As your books really take people away to a different place when they read of the stunning setting of Cornwall, are there any special places in Cornwall you would recommend people visit?
I love the Helford River area, but there are so many beautiful places. First I would say to go off-season if you can. Then be brave and just drive. Hold your nerve as you find yourself on lanes that don’t look like they have ever seen a car and discover the hidden part of Cornwall. This is what I do when I have time…I plan to get lost and see where I find myself.
Whilst readers are waiting for your next book are there any other books set in Cornwall that you would recommend?
I’ve put together a goodreads list with all the books I know of set in Cornwall https://www.goodreads.com/list/show/85712.Books_set_in_Cornwall. It’s a good place to start. However I have read two wonderful books this year set in Cornwall. Not Forgetting The Whale by John Ironmonger – unexpected, funny and magical – and Emylia Hall’s The Sea Between Us which is out on the 27th of August – filled with love, longing and a huge dollop of Cornwall.
Finally I'm going to be cheeky and ask can give us any hints as to what is in store for your readers next? Will we return to Cornwall again?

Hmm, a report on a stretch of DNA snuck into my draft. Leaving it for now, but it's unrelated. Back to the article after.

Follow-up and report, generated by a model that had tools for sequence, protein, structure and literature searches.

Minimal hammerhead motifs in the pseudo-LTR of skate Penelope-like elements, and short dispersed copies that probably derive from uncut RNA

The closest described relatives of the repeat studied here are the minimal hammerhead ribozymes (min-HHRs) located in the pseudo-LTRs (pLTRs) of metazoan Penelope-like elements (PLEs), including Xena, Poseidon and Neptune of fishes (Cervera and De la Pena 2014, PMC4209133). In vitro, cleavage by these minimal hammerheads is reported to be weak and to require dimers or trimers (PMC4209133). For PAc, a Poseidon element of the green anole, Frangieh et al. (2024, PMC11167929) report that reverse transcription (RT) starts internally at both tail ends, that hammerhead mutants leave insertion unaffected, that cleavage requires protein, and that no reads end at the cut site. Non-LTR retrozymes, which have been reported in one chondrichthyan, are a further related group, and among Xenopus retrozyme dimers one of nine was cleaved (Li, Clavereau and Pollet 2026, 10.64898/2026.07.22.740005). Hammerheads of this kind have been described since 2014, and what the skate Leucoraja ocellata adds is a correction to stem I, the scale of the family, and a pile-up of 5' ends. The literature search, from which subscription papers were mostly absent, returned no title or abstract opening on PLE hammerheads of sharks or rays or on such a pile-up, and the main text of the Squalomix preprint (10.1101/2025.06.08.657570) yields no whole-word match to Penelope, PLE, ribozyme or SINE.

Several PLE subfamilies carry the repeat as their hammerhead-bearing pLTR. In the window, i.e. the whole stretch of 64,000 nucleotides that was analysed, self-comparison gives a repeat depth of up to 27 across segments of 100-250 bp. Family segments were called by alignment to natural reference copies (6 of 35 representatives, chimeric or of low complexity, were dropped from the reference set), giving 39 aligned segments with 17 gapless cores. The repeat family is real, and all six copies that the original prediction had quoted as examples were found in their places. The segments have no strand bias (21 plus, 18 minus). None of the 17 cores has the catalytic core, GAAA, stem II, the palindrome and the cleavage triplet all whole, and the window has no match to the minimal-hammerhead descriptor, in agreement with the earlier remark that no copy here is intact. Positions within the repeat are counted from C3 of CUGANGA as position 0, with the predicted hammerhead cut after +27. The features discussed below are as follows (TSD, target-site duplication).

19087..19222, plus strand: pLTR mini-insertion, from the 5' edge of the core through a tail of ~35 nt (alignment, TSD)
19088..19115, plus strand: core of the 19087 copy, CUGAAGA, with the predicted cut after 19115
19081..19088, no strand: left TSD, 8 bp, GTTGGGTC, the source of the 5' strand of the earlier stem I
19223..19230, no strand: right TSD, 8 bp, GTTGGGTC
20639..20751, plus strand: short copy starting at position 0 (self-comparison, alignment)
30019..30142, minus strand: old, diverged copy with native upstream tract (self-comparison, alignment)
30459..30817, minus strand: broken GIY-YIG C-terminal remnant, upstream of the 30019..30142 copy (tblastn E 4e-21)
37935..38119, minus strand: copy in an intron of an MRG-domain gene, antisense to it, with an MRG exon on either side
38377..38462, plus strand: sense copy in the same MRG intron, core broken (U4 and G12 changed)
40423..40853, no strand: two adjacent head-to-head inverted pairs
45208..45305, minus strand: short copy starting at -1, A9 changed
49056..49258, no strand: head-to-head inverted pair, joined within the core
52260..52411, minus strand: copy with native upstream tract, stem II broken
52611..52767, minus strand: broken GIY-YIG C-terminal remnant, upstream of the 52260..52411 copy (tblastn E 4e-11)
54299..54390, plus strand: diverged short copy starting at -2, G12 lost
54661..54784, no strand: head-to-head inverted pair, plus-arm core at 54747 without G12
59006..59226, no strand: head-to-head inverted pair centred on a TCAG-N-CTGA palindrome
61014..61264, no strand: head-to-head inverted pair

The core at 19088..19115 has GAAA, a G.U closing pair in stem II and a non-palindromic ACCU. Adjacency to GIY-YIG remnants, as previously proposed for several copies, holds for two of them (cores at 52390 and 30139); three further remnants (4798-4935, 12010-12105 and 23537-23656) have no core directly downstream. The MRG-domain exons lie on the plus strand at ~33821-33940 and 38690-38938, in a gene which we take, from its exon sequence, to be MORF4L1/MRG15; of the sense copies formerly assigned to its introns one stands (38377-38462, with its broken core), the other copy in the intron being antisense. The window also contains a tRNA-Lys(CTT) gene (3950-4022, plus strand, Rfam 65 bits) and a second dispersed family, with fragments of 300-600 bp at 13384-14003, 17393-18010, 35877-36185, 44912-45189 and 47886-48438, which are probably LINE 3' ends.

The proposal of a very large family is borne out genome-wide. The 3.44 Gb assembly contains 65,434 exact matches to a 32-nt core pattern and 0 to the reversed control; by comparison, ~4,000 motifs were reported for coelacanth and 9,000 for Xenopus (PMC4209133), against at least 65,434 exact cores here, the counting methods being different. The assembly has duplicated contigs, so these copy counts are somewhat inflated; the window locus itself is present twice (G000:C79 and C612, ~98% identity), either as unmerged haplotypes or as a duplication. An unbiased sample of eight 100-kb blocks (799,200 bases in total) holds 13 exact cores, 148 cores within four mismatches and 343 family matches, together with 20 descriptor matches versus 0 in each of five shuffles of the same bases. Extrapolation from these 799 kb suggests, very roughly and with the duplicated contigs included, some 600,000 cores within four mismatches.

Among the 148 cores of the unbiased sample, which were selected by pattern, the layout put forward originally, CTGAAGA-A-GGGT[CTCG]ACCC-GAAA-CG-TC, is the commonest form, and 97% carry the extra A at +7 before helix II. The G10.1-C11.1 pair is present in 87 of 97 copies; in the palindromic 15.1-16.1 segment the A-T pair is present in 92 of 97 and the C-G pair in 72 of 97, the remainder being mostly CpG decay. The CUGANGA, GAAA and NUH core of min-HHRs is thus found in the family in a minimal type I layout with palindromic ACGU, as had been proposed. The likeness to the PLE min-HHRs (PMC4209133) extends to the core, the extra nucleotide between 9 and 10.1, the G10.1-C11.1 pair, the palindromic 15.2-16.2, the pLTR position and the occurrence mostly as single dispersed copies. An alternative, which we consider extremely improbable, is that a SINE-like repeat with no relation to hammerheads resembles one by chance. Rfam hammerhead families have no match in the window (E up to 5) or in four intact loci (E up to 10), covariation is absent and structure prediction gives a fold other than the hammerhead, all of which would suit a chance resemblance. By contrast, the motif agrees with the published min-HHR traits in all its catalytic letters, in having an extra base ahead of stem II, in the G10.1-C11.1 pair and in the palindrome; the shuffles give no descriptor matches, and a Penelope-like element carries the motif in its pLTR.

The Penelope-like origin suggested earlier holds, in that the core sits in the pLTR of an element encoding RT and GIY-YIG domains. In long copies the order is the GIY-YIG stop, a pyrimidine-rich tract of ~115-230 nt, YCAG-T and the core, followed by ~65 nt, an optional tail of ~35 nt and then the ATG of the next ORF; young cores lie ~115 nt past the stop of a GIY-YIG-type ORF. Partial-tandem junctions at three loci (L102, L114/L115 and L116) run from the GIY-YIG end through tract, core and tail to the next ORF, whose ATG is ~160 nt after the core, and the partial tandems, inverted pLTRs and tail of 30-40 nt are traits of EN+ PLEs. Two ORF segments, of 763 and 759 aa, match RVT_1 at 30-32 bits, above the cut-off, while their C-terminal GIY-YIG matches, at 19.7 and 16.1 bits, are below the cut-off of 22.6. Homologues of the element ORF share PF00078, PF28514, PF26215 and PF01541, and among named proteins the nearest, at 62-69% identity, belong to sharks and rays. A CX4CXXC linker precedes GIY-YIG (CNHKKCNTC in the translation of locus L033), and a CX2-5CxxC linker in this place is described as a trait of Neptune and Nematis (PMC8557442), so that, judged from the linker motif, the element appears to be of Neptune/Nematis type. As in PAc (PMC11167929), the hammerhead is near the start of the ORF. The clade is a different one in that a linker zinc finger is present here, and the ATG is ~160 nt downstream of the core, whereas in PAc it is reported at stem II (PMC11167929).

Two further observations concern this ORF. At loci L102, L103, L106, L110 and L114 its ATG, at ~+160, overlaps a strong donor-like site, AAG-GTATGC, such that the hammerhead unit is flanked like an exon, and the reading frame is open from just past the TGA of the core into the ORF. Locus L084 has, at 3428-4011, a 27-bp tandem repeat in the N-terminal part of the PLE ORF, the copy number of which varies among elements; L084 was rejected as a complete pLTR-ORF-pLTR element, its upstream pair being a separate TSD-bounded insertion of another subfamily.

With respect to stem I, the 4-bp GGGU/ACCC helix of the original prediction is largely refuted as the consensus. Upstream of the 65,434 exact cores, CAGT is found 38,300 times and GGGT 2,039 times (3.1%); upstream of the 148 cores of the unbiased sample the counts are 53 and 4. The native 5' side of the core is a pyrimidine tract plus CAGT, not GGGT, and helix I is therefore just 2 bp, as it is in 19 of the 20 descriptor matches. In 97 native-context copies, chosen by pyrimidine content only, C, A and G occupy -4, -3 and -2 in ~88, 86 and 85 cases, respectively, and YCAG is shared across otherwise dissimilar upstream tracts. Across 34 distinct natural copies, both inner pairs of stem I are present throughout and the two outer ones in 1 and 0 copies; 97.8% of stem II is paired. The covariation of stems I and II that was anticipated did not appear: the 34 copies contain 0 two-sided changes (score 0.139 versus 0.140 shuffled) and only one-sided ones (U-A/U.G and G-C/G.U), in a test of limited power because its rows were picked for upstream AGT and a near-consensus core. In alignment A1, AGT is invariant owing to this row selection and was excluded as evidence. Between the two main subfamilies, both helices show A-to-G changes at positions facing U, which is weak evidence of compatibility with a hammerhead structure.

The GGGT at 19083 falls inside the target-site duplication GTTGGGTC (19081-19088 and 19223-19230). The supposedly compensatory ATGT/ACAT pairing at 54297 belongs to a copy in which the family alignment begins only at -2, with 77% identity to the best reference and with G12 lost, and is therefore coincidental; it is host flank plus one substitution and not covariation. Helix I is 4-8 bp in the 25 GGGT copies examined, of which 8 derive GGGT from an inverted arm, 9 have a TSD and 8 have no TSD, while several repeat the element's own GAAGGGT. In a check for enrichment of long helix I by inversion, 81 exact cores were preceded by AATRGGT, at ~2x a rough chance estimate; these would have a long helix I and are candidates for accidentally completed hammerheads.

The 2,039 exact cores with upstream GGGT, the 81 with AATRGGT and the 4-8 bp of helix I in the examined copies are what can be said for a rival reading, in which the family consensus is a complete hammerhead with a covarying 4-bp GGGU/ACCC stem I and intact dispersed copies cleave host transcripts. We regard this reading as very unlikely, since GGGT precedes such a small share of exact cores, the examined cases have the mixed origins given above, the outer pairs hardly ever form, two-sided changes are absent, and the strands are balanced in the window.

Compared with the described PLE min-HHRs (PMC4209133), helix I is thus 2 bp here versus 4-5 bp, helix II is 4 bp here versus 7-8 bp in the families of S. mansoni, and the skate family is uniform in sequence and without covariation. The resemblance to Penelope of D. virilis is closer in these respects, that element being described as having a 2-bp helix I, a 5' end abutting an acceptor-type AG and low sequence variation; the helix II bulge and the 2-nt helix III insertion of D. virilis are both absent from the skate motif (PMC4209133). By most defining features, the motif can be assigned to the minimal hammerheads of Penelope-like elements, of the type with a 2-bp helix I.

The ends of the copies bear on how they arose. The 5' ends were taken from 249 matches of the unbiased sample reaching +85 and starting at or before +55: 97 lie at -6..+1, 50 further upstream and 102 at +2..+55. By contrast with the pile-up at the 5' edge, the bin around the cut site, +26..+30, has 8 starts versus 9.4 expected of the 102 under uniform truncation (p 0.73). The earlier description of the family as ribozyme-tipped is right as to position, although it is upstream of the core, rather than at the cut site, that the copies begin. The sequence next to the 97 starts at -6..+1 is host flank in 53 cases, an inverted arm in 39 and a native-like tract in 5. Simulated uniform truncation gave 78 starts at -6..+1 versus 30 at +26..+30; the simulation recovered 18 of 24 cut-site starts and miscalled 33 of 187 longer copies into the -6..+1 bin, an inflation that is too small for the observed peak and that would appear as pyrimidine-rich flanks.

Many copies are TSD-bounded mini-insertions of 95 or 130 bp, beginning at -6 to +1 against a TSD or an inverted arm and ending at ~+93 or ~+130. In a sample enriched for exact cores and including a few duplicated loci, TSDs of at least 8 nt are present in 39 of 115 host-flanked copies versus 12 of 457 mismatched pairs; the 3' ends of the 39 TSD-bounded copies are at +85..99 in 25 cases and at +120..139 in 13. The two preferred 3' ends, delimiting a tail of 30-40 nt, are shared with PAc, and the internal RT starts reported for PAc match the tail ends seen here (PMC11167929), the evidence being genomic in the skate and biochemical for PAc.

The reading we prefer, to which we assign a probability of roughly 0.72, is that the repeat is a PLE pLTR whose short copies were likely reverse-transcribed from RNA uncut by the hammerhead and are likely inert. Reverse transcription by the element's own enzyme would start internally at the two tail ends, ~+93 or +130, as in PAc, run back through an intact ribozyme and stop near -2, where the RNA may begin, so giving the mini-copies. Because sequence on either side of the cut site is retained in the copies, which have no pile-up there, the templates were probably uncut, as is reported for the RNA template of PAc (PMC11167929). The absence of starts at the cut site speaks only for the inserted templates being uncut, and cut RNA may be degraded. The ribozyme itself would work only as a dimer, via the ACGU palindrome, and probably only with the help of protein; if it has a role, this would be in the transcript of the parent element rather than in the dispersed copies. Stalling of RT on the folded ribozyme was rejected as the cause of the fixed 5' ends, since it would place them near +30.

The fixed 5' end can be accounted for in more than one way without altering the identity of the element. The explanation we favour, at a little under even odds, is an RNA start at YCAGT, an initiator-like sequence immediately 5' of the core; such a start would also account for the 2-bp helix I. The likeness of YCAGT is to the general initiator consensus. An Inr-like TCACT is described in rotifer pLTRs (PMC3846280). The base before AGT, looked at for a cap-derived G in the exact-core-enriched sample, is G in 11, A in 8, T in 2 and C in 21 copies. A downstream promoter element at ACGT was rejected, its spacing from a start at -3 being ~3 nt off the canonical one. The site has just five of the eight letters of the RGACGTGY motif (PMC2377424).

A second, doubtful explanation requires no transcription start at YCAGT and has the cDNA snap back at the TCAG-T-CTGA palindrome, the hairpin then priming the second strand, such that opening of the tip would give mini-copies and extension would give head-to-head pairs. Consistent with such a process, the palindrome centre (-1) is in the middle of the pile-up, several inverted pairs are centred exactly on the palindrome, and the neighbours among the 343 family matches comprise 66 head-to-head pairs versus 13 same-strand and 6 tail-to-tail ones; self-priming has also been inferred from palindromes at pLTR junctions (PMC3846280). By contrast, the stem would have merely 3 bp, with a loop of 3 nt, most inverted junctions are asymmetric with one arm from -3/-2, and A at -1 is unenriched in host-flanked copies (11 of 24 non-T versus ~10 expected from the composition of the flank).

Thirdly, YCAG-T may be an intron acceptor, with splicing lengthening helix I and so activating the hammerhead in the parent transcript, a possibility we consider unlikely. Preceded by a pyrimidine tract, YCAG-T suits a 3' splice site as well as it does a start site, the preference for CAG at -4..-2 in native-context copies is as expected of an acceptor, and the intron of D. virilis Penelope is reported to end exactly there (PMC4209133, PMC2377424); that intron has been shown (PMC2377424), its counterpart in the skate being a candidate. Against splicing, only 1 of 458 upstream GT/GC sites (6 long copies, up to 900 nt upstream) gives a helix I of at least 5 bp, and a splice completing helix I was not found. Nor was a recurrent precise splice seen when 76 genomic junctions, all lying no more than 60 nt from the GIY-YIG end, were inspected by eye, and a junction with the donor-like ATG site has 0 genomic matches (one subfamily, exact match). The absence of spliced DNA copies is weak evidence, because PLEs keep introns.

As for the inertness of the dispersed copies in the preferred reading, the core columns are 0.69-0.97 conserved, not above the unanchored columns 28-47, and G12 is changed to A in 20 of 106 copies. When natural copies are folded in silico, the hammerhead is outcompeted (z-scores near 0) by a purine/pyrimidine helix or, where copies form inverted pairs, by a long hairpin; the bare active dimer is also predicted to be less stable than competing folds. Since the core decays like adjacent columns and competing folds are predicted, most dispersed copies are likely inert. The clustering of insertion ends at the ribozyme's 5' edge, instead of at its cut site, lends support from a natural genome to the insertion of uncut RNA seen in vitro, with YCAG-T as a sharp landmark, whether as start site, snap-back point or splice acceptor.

Of course you can ask! And yes I am returning to Cornwall but also a bit of Cape Cod as well Portland, London and Cornwall during World War 2….it’s not finished but it’s full of first love, betrayal, heart break, discovery and forgiveness… Oh and you’ll see some old characters popping up again!
There's an old Cornish saying: 'Save a stranger from the sea, he'll turn your enemy . . .'
When her reclusive grandmother becomes too frail to live alone, Gabriella Blythe moves into the remote waterside cabin on Frenchman's Creek which has been her grandmother's home for decades. Once a celebrated artist, Jaunty's days are coming to a close but she is still haunted by events in her past, particularly the sinking of Lancasteria during the war.
Everything is fine until a handsome stranger arrives in a storm, seeking help. Fin has been left a family legacy: a delicate watercolour of a cabin above the creek which leads him to this beautiful stretch of Cornish water. As Fin begins to pick at the clues of the painting, he is drawn into the lives of Gabe and Jaunty, unraveling a remarkable story of identity and betrayal...
Demi desperately needs her luck to change. On the sleeper train down to Cornwall, she can't help wondering why everything always goes wrong for her. Having missed out on her dream job, and left with nowhere to stay following her boyfriend's betrayal, pitching up at her grandfather's cottage is her only option. Victoria thinks she's finally got what she wanted: Boscawen, the gorgeous Cornish estate her family owned for generations should now rightfully be hers, following her husband's sudden death. After years of a loveless marriage and many secret affairs of her own, Victoria thinks new widowhood will suit her very well indeed ...But both women are in for a surprise. Surrounded by orchards, gardens and the sea, Boscawen is about to play an unexpected role in both their lives. Can two such different women find a way forward when luck changes both their lives so drastically?